Mayor Adams and Senator Monnes Anderson
to Participate in Grand Opening
PORTLAND, Ore. (September 16, 2009)—National College of Natural Medicine (NCNM) is taking a major step forward in the expansion of its campus near downtown Portland with the official grand opening of the new NCNM Clinic. On Friday, Sept. 25 at 10 a.m., Portland Mayor Sam Adams and Oregon Sen. Laurie Monnes Anderson, and other dignitaries and guests will cut the ribbon to launch a new chapter in NCNM’s long history. The grand opening ceremony, which will include a tour of the new clinic, is open to the public.
Mayor Adams has long been a supporter of NCNM and of the importance of natural medicine to the health care needs of Portlanders. Sen. Monnes Anderson sponsored SB 327. The bill, passed in May, goes into effect Jan. 2010. This legislation expands the prescribing authority for Oregon’s 650 licensed naturopathic physicians, who are trained in synthetically and naturally-derived medications, and paves a way for them to meet the escalating need for primary care physicians.
The newly renovated 18,000 square-foot NCNM Clinic consolidates the medical college’s two teaching clinics, providing a full spectrum of classical Chinese medicine, naturopathic medical services and specialty services, such as integrative oncology care, in one convenient location. The clinic property, purchased late last year, was renovated this summer using a variety of sustainable and green-building practices.
In addition to 30 patient treatment rooms, the clinic includes hydrotherapy and IV therapy rooms, a group-acupuncture and qigong area, a full-service natural medicine pharmacy and space for community seminar use. Directly behind the clinic, the future Min Zidell Healing Garden is being designed as a teaching botanical herbal garden.
The overall cost of the remodeling project was $2.2 million, which NCNM is self-funding. The nonprofit college will roll out its capital campaign, called RIGHT PLACE—RIGHT TIME later this year.
The South Portland clinic is located adjacent to the NCNM campus on Corbett Avenue, near the west end of the Ross Island Bridge, in an urban renewal district the Portland Development Commission refers to as “the Educational Triangle,” between OHSU and Portland State University.
The opening of the NCNM Clinic is the first of many developments in the next few years for the medical college. NCNM Board Chair Nancy Garbett spoke about the significance of the 1.5 acre purchase by the school: “This acquisition changes the direction, the momentum and the vision of NCNM. It propels us into a future where the need to meet health care demand will grow increasingly critical.” Garbett added, “NCNM is poised to grow exponentially right in the heart of Portland—and as the center of natural health care in this country.”
The oldest accredited college of natural medicine in North America, NCNM is known throughout the nation as the foundational cornerstone of natural medicine. The college anticipates approximately 18,000 patient visits in its first year of service. The timing of NCNM’s expansion—as the nation’s top lawmakers debate how best to reengineer the nation’s health care system—builds on the momentum of the extraordinary increase of consumer demand for safe, effective and low-cost natural health care. This demand is expected to trigger significant growth at NCNM, as more pre-med students explore natural medicine as a viable health care career option.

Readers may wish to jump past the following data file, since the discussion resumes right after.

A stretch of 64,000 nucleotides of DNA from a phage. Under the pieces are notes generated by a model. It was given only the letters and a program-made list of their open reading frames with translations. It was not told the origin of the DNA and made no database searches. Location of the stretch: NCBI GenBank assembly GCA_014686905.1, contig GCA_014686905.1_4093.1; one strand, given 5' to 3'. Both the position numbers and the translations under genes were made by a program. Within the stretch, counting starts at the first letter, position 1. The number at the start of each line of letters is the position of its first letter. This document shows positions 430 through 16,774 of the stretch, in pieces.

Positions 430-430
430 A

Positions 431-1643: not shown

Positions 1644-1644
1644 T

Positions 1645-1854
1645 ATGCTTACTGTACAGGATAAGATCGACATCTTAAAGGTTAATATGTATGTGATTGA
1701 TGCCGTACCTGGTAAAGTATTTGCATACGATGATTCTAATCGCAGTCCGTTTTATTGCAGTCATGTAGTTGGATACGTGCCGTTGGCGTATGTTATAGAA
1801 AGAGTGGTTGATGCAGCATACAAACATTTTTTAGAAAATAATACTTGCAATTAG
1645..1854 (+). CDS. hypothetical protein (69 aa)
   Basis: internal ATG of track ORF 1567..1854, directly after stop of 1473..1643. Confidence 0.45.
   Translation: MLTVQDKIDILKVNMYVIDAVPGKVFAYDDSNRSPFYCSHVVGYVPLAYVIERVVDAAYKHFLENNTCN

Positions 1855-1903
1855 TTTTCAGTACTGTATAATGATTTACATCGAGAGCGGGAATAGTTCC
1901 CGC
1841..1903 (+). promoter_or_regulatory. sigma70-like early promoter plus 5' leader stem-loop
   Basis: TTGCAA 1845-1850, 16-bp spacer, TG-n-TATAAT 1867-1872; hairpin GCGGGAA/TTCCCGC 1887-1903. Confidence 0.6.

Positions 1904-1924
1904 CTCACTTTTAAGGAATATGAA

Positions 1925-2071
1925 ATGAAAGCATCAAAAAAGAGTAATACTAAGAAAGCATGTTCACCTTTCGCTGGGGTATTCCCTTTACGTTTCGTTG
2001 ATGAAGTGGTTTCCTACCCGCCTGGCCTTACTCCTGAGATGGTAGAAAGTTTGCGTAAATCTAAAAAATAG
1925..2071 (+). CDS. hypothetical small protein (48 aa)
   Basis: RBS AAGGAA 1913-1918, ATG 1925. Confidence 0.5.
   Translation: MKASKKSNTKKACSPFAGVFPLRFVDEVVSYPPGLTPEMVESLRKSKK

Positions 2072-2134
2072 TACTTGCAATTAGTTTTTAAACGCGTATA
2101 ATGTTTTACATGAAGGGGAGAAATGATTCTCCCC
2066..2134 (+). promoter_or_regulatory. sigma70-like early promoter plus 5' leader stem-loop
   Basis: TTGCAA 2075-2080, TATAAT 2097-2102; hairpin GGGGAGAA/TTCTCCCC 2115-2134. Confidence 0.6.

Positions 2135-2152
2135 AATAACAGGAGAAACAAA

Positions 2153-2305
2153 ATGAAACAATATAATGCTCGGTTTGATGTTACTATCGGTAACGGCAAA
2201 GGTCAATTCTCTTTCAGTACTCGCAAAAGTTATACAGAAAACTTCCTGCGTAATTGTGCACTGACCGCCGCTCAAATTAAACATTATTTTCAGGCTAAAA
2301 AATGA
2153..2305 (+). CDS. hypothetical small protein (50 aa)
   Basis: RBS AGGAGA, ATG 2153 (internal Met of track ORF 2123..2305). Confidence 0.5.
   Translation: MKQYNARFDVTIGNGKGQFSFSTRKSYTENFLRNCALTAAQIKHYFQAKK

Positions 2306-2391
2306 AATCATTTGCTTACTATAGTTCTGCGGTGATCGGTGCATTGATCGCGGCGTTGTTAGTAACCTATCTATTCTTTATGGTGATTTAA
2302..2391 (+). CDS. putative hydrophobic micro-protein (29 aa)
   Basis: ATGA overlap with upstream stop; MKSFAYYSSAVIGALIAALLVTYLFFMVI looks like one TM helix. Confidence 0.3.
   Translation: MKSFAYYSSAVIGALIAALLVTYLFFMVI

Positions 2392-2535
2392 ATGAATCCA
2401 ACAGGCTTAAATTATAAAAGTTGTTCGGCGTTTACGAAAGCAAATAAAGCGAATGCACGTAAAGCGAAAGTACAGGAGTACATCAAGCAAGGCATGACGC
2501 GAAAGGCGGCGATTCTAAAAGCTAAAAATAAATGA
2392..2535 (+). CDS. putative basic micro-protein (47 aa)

Dr. David J. Schleich, NCNM president, said that the NCNM Clinic is the second part of a three-phase growth plan for the school. “Current and future growth projections are driving these developments as we expand our medical school to accommodate increasing numbers of students, patients, faculty and administrative staff. NCNM has experienced robust growth and expansion since 1996, when we first established our footprint in this area. The 2007 purchase of our administration and research building on Naito Parkway and the 2008 acquisition of the former Siemens buildings keep that momentum going,” Schleich said.
“The growth of complementary and alternative medicine comes at a time when there are critical shortages of trained health care professionals,” Schleich said, adding, “Natural medicine is the wave of the future for health care in the U.S. and NCNM is stepping up more and more to meet that urgent challenge. In our classrooms, research labs and teaching clinic, NCNM is educating and training new generations of physicians and practitioners who are committed to fill the gap of providers in the health care workforce.”
The public is cordially invited to attend the NCNM Clinic’s grand opening ceremony. It will be held outside the NCNM Clinic, located at 3025 SW Corbett Avenue, at the corner of Corbett and Porter Street in Portland on Friday, Sept. 25, from 10 a.m.-11:30 a.m. For more information about the event, check upcoming details about the event at www.ncnm.edu.
Founded in 1956, NCNM is the oldest accredited naturopathic medical school in North America and a leader in natural medicine. NCNM offers four-year graduate medical degree programs in Naturopathic Medicine and Classical Chinese Medicine. The NCNM Clinic and its associated community-area clinics offer free and low-cost medical care throughout the Portland area, treating more than 40,000 patients annually. NCNM’s nonprofit Helfgott Research Institute conducts rigorous independent research to advance the science of natural medicine in order to improve clinical practice. Until July 2006, NCNM was known as the National College of Naturopathic Medicine.